This is where Michael Czysz and I disagree.The traditional suspension design works really, really well these days and whilst engineering improvements have minimised the tolerance in the hub centred approach favoured by Czysz there will always be a degree of slack in the steering right at the point where you need the optimum amount of feel.

    This may only be at 99.99% of optimum and it may be superb up until that point but it will never, ever beat the system in use in MotoGP and pretty much everywhere else where optimum performance is the goal.

  7. #157
    teddillard
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    Quote Originally Posted by Mike Edwards View Post
    This is where Michael Czysz and I disagree.The traditional suspension design works really, really well these days and whilst engineering improvements have minimised the tolerance in the hub centred approach favoured by Czysz there will always be a degree of slack in the steering right at the point where you need the optimum amount of feel.

    This may only be at 99.99% of optimum and it may be superb up until that point but it will never, ever beat the system in use in MotoGP and pretty much everywhere else where optimum performance is the goal.
    So. You guys are pretty much laughing your asses off at me and my '70s vintage steel tube frames, huh?

  8. #158
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    It seems to me that Ted's bike is right up to date. It has all the flex it needs to corner smoothly. Who needs suspension when you have frame-flex.

    Personally, I don't think designing frame flex is a very big engineering concern for most production street bikes made by the major manufacturers. I doubt there are too many production motorcycles that wouldn't benefit from a more rigid frame. I think a too-rigid frame is only a consideration under high speed cornering racing conditions and not when riding on the street. I think the manufacturers make frames as rigid as possible within the constraints of their budget and styling concept.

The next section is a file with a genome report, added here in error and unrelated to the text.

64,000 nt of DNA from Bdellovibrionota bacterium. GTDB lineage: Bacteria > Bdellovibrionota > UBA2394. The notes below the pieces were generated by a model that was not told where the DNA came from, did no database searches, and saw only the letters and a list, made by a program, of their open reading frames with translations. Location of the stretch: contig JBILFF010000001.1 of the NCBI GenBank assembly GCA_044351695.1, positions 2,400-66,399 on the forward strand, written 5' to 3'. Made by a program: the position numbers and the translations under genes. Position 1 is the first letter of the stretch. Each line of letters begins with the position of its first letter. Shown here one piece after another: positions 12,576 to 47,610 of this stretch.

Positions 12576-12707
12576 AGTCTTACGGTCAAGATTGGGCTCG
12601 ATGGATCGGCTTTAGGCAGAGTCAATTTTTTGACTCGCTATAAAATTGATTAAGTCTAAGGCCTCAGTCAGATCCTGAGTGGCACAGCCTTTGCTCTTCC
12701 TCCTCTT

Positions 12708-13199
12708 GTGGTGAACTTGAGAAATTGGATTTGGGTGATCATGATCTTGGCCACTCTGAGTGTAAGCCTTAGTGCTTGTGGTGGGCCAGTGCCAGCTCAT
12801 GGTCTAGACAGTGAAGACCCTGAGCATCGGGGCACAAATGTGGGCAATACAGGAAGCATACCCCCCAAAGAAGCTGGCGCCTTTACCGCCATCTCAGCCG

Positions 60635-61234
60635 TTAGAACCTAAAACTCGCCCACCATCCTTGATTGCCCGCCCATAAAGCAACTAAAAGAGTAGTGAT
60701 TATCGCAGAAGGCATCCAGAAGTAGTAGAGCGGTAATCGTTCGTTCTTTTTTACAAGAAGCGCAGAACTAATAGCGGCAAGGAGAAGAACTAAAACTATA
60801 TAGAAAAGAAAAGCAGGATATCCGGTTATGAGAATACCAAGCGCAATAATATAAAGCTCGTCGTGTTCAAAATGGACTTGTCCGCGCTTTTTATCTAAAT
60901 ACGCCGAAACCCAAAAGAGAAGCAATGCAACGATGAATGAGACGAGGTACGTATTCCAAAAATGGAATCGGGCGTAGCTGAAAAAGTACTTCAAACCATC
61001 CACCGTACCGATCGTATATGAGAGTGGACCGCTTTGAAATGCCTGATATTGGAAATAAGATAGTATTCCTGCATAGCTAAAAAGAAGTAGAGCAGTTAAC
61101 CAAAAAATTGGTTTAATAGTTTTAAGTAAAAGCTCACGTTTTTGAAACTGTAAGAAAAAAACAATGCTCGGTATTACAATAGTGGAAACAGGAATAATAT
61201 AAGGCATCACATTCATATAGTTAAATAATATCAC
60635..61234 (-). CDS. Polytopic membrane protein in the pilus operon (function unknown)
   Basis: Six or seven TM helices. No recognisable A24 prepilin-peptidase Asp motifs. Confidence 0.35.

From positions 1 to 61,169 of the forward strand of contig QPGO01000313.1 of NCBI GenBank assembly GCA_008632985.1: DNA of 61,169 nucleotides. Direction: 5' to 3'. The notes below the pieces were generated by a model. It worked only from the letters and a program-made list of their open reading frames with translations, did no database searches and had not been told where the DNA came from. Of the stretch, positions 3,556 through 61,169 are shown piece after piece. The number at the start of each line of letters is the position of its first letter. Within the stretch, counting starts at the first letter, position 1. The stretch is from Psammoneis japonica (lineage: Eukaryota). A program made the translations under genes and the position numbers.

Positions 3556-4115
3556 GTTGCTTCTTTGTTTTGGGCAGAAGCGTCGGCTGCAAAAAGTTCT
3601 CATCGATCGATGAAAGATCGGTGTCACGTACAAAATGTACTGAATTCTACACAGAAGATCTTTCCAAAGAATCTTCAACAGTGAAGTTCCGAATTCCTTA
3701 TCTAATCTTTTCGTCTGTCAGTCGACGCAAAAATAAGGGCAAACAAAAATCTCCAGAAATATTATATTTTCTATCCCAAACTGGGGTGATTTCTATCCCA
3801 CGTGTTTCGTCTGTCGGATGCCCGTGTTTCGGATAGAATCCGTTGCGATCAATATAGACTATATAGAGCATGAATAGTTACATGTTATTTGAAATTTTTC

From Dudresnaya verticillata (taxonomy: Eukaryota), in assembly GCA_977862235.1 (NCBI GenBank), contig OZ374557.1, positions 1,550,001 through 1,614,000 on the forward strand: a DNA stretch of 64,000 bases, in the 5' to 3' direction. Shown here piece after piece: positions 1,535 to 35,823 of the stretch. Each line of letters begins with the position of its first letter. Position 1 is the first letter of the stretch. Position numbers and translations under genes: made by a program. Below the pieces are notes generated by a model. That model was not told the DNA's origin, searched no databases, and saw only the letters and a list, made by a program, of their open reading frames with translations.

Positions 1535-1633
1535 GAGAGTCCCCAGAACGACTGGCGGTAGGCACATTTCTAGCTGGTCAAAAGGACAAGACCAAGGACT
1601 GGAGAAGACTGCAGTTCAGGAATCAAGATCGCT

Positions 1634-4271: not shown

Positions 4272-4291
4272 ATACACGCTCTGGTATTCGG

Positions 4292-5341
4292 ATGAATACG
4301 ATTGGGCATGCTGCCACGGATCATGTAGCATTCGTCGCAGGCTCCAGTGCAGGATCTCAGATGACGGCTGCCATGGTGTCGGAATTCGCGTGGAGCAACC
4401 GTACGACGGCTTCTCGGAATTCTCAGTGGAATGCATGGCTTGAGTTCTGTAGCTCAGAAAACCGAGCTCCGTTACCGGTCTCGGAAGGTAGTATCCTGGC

Richard - Current bikes: 2018 16.6 kWh Zero S, 2016 BMW R1200RS, 2011 Royal Enfield 500, 2009 BMW F650GS, 2005 Triumph T-100 Bonneville, 2002 Yamaha FZ1 (FZS1000N) and a 1978 Honda Kick 'N Go Senior.

  9. #159
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    I always wondered if Ducati flex tuned their frames by evidence of the smaller diameter diagonal tubes(than the other diagonal tubes) next to the steering head:




    http://www.ducati.ms/forums/attachme...ainted-043.jpg
    Last edited by Fab man; 16 February 2013 at 2242.

  10. #160
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    Quote Originally Posted by Fab man View Post
    I always wondered if Ducati flex tuned their frames by evidence of the smaller diameter diagonal tubes(than the other diagonal tubes) next to the steering head:

    They may not have fully understood the amount of flex they were introducing but the steel lattice style frames Ducati used for years worked well but they clearly weren't thinking when they moved to the extremely stiff carbon MotoGP frames that relied on the engine as a stressed member.

    Richard230 is right though. On the street it is debatable whether the frame flex issue is even noticeable over the additional 100 lbs+ weight from the batteries.

    It may even be barely discernible on the track when your bike weighs over 500 lbs but it will be a factor, especially with the swing arm. Hopefully we will be able to find a way of securing the battery pack so the frame can flex without trying to pass on that flex by twisting the battery pack under high loads.